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on Jul 23, 2015 in Landscape Photography

The Great Hall

In April, we had the opportunity to spend some time on Ellis Island. Really a fascinating place with intriguing history. We spent hours wondering around, reading, listening, learning about a very special part of our history. Looking at all the old B&W photos with all those faces took hours. Wonder where they all went, what they did and who they became? You can’t help while you’re exploring The Island not ending up in the Great Hall! The hall is aptly named, it really is great! We were lucky to be in the hall when an overcast floated in really giving the hall a glow. It was dark enough that the lights in the hall were able to cast their warm glow over all the tile. I was cruising with the Df / 14-24AFS which was perfect, I looked like just another tourist. The light in the hall was killer so I shoot it all nice and squared up. Loved that shot. Then I looked up, actually, I did that...

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on Jul 22, 2015 in Landscape Photography

You Running out of Gas?

Ever since I posted Creativity in the Lost & Found, I’ve had more emails stating, help! One person said, “I feel like I’m running out of gas!” That made me think of this photo, a two image pano I took a little while back and something else to give a try when the clicks just aren’t coming. Give something in the computer a try you’ve not tried before. This pano is an idea. With it so easy to assemble in ACR, take a pano of your room and assemble it. You have no idea where that might lead. You might need to try some extra lighting. You might need to use a different lens. You might need to learn something you simply don’t know and that might shake the cob webs loose. You might shoot a pano and need to reshoot it. For example I shot this scene the first time with a Df / 24-70, three image pano but after assembling, went back with the 80-400 to get...

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on Jul 14, 2015 in Landscape Photography

When The Rain Breaks

The paint is still sitting in the garage, sandpaper in its wrapper as I wait for the rains to go by. Lord knows we need the rain, it’s knocked down our fire danger and that’s a blessing. But nine days later, no painting. But that doesn’t mean I’m not watching the skies for other opportunities. I have the Df / 24-120VR on the counter because each night as the sun sets, it’s a little bit different. Most nights it’s been just gray until it’s dark. But a couple of nights, there has been some color but just not in the right place at the right time. But the camera sits there just in case. Then last night, while the color was brief before the clouds closed back in again, there was the addition of a rainbow. Na, none of these are great photos when it comes to the sharing category, but they are when put under the memories category. I think at times, photographers confuse these two categories and...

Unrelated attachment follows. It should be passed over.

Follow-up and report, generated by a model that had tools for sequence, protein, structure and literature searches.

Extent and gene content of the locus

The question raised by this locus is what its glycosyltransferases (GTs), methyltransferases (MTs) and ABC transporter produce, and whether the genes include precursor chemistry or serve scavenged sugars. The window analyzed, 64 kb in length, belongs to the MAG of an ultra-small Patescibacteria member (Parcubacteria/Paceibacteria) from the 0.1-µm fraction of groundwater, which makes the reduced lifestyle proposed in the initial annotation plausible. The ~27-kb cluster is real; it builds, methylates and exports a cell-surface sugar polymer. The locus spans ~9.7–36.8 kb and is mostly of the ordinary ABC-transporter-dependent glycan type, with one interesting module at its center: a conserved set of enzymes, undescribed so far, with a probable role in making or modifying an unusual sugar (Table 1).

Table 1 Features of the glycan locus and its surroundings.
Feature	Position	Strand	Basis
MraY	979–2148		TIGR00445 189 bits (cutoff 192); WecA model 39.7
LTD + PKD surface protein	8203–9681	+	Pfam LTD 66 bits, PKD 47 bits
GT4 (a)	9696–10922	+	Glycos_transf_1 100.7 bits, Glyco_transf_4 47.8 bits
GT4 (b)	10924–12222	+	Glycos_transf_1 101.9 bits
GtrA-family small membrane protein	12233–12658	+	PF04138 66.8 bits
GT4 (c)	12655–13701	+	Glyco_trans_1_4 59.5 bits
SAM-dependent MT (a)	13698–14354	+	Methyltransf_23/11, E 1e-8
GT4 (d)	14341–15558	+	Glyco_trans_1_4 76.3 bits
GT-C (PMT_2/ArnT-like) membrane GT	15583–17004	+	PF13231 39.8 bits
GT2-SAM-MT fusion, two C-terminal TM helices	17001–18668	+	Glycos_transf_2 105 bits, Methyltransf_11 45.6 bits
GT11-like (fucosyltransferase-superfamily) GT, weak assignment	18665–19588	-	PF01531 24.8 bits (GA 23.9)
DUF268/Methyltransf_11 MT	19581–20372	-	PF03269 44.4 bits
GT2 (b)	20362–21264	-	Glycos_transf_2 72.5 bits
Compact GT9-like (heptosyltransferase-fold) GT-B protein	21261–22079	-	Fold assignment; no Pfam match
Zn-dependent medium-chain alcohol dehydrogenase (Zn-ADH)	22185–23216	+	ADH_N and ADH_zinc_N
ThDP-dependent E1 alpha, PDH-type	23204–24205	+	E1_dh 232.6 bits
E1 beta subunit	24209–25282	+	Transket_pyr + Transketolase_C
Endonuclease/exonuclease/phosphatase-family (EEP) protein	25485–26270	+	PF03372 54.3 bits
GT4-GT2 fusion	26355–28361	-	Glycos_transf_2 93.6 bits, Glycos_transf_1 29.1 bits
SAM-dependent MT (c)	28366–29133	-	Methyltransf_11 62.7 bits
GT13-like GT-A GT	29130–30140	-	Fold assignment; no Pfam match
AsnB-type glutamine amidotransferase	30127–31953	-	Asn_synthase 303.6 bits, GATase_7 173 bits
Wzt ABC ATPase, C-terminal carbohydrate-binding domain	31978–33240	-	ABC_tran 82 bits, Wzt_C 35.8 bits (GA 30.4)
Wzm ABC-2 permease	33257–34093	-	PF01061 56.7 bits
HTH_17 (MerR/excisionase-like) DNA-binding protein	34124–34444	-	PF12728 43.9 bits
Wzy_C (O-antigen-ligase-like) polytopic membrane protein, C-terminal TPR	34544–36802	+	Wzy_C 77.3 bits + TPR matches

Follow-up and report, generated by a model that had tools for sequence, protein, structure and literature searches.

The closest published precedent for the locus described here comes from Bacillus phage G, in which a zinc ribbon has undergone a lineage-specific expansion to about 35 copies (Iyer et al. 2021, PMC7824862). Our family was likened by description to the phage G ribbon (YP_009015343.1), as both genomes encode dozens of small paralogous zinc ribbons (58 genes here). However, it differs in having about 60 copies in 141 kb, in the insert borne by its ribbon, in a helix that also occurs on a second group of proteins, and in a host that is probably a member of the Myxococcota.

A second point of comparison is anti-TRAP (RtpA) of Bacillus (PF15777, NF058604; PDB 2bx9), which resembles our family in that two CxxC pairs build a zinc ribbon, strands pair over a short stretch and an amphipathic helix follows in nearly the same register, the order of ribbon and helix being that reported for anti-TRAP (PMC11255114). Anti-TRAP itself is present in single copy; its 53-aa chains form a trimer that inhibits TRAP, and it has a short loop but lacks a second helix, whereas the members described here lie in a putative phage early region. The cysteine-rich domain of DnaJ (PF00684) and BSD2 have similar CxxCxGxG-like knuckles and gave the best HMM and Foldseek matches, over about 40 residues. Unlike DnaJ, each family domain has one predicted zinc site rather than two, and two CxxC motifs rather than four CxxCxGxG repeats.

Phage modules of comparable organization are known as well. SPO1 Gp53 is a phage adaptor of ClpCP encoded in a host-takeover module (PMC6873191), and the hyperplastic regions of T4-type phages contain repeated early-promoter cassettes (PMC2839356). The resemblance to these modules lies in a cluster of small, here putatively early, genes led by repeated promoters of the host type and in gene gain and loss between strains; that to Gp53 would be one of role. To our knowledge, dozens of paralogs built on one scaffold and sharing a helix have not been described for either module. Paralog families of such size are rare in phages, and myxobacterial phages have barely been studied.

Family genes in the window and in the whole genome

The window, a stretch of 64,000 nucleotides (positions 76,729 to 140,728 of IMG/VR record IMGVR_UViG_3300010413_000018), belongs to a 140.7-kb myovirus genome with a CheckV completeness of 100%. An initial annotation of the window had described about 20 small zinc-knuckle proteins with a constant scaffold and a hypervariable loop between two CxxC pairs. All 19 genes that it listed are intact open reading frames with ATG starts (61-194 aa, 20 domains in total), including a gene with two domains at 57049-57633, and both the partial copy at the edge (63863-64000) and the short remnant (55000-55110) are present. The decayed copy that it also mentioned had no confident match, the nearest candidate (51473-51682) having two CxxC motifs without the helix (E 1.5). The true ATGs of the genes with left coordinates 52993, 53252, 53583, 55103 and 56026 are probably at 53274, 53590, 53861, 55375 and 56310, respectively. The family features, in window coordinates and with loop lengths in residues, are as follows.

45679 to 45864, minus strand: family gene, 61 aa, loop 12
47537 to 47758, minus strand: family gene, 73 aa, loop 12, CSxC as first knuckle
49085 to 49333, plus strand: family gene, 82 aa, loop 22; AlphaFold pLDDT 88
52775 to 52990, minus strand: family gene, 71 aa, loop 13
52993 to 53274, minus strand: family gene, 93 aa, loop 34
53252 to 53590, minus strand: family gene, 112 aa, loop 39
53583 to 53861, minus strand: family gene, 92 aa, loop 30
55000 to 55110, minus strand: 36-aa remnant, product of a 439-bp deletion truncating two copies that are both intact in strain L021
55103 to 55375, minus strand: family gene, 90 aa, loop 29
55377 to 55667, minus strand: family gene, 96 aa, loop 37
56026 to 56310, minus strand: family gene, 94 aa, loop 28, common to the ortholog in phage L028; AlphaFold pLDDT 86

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on Jul 9, 2015 in Landscape Photography

A Different Kind of Scale

How big is that cloud? Often when we photograph clouds, it’s with a wide angle with just a sliver of landscape. At least, that’s one of my favorite ways on incorporating them. While this works really well and brings a whole other level of drama to a photo, the actual size of those clouds gets lost. Not that’s important, but there are times when how high the clouds soar is the story, not just that they are pretty. When the opportunity affords itself, I love to show the size of the heavens. Shooting with the 80-400VR3 on the D4s, I waited for the sliver of light I saw racing for the ridge line to go click. The down pour was centered by design, the light, it was a prayer. And by standing, waiting imagining, the click came to be. And you can now tell visually how big that could...

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on Jul 9, 2015 in Landscape Photography

Scale With An iPad

There we were, partially up Hidden Lake Trail, Glacier Nat’l Park. If you’re not familiar with it, it’s behind the visitor center at Logan Pass. It’s a gorgeous walk up to some spectacular scenery that always has a critter or two. On this trip, the snow hadn’t melted yet so the trail was for the adventurous and I wasn’t felling, adventurous. When going after landscape images, I tend to either go wide or long so when I walked partially up the trail, I had the 18-35AFS in my pocket and 80-400VR3 on the D4s. The clouds were racing across the heavens and as such, constantly changing the landscape with light and shadow. It’s one of the most beautiful ways to see our wild heritage in person, letting our imaginations run with the light over the land. So I’m watching this living painting in front of me and saw the light bring out the unique topography up slope. As I scanned it with my imagination, I saw two climbers up...

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on Jul 1, 2015 in Landscape Photography

Little House on The …

I’ve gone past this house on the ridge for decades and not once, have I stopped to photograph it. Oh, I’ve looked at it but it’s never caught my attention, until this time. The storm was passing pretty quickly and as it did so, the light would paint the landscape and that’s what caught my attention. Shooting with the D4s / 80-400VR3, I walked up to the fence line and waited. The first thing I know many of you will say is, “That bright pole on the right bugs me.” OK, I like it and in fact, that was central to the way I set up the frame, obviously since that’s what you see. The subject though, the house, you can’t help but see EVEN with that pole. So, that pole isn’t that big a deal, just a matter of taste. But if you cover up that pole with your hand, the photo looses it’s sense of depth and place. Now if the rest of the telephone poles had...

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